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Posted: Friday, March 30, 2007 12:00 am

Raytheon Missile Systems wins $64.6M in new Navy contracts

Raytheon Missile Systems has been award an additional $53.5 million contract from the U.S. Navy for 111 Tomahawk composite launching system capsules and 220 retrofit kits. The contract was awarded by the Naval Air Systems Command, Patuxent River, Md.

Raytheon was also awarded an $11.14 million cost-plus fixed-fee support contract for research and development of a next-generation hypersonic vehicle from the weapons division of the Naval Air Warfare Center, China Lake, Calif. The project is scheduled for completion by May 2012.


UA’s College of Medicine seeks Parkinson’s researchers

The University of Arizona’s College of Medicine has launched a campaign to raise $1.8 million to recruit two researchers to be a part of a four-member medical neurosciences faculty looking into the causes and treatment of Parkinson’s disease.

Donald Soldwedel, former president of the UA Foundation, is chairman of the campaign. The research project is under the direction of Frank Porreca, professor of pharmacology and anesthesiology.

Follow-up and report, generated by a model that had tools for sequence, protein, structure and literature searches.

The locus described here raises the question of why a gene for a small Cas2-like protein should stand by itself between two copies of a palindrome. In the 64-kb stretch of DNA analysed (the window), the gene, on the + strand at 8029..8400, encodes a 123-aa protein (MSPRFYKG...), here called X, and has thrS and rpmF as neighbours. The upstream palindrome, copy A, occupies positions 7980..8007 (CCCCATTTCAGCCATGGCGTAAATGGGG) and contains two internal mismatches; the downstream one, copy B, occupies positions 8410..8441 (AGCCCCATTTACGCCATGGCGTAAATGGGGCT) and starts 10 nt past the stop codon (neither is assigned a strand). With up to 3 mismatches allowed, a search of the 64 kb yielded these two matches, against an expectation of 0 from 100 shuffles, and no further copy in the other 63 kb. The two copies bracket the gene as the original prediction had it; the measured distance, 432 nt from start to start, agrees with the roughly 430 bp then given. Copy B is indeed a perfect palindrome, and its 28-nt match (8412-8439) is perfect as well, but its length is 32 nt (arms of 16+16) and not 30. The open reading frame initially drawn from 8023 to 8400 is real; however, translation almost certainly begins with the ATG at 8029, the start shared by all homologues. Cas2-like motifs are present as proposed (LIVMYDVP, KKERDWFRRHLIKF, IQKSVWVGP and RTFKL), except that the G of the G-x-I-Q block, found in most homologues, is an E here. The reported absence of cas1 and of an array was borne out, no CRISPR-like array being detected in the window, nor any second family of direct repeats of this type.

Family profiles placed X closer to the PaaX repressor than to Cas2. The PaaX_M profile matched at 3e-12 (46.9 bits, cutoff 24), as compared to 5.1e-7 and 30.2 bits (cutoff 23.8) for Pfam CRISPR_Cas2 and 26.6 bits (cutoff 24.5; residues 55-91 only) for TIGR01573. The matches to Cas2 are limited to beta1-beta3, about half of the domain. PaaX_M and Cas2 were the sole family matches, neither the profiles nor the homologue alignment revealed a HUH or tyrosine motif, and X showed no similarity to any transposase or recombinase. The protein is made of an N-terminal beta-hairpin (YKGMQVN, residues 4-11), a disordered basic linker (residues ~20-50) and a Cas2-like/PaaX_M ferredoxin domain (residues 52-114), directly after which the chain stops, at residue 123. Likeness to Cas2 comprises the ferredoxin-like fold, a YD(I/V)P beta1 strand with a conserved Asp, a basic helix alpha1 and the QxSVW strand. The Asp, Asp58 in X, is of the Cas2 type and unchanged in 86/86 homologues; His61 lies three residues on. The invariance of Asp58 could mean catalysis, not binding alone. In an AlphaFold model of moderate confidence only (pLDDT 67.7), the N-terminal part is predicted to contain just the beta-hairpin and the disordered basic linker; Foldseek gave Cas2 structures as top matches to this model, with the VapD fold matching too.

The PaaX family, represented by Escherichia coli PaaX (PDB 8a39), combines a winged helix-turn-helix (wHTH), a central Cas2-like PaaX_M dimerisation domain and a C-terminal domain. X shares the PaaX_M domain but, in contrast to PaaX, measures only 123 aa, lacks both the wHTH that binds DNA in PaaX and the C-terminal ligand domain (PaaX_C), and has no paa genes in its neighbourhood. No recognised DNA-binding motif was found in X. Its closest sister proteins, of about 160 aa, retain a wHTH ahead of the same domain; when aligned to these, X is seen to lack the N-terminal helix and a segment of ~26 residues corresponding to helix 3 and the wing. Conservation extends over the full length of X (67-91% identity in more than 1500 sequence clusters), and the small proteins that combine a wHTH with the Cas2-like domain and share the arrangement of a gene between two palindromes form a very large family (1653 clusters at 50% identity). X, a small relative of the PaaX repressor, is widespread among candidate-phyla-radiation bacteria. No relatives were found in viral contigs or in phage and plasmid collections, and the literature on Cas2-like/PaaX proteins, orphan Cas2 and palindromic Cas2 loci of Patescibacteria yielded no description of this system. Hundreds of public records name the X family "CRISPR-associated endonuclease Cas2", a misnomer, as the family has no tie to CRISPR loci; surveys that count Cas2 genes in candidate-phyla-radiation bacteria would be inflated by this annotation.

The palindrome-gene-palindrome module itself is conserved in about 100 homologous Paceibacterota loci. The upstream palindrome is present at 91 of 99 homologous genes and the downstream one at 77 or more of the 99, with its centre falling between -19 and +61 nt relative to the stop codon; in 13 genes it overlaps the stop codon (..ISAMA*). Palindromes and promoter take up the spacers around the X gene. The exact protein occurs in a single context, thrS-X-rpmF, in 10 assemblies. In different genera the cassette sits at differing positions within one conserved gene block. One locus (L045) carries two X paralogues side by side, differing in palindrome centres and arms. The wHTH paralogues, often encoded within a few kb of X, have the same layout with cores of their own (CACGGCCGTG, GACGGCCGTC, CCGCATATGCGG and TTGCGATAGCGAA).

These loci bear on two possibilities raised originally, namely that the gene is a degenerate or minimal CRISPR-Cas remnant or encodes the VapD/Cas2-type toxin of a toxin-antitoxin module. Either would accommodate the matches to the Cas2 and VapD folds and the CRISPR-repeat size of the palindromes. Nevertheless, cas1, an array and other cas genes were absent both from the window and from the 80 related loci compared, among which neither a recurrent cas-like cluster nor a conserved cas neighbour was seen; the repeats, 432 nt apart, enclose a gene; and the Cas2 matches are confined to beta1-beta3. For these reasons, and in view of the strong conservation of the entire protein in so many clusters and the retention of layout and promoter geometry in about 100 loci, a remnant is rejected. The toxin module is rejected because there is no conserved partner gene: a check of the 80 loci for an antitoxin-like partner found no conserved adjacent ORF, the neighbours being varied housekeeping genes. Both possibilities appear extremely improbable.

Buffalo Exchange promotes Earth Day with dollar sale

In celebration of Earth Day, April 21, Buffalo Exchange will offer bargain clothing for $1, with proceeds benefiting the Center for Environmental Health. The dollar items will be available at all 32 company-owned and franchise stores in 12 states, as well as online at

The new and used clothing retailer is headquartered in Tucson and has two local retail outlets: 2001 E. Speedway and 6170 E. Speedway.


Arizona subcontractors back Flake immigration reform bill

The American Subcontractors Association of Arizona has endorsed proposed legislation in the U.S. House of Representatives it says seeks to balance tougher penalties for employers who hire illegal workers with more legal immigrant and temporary worker visas.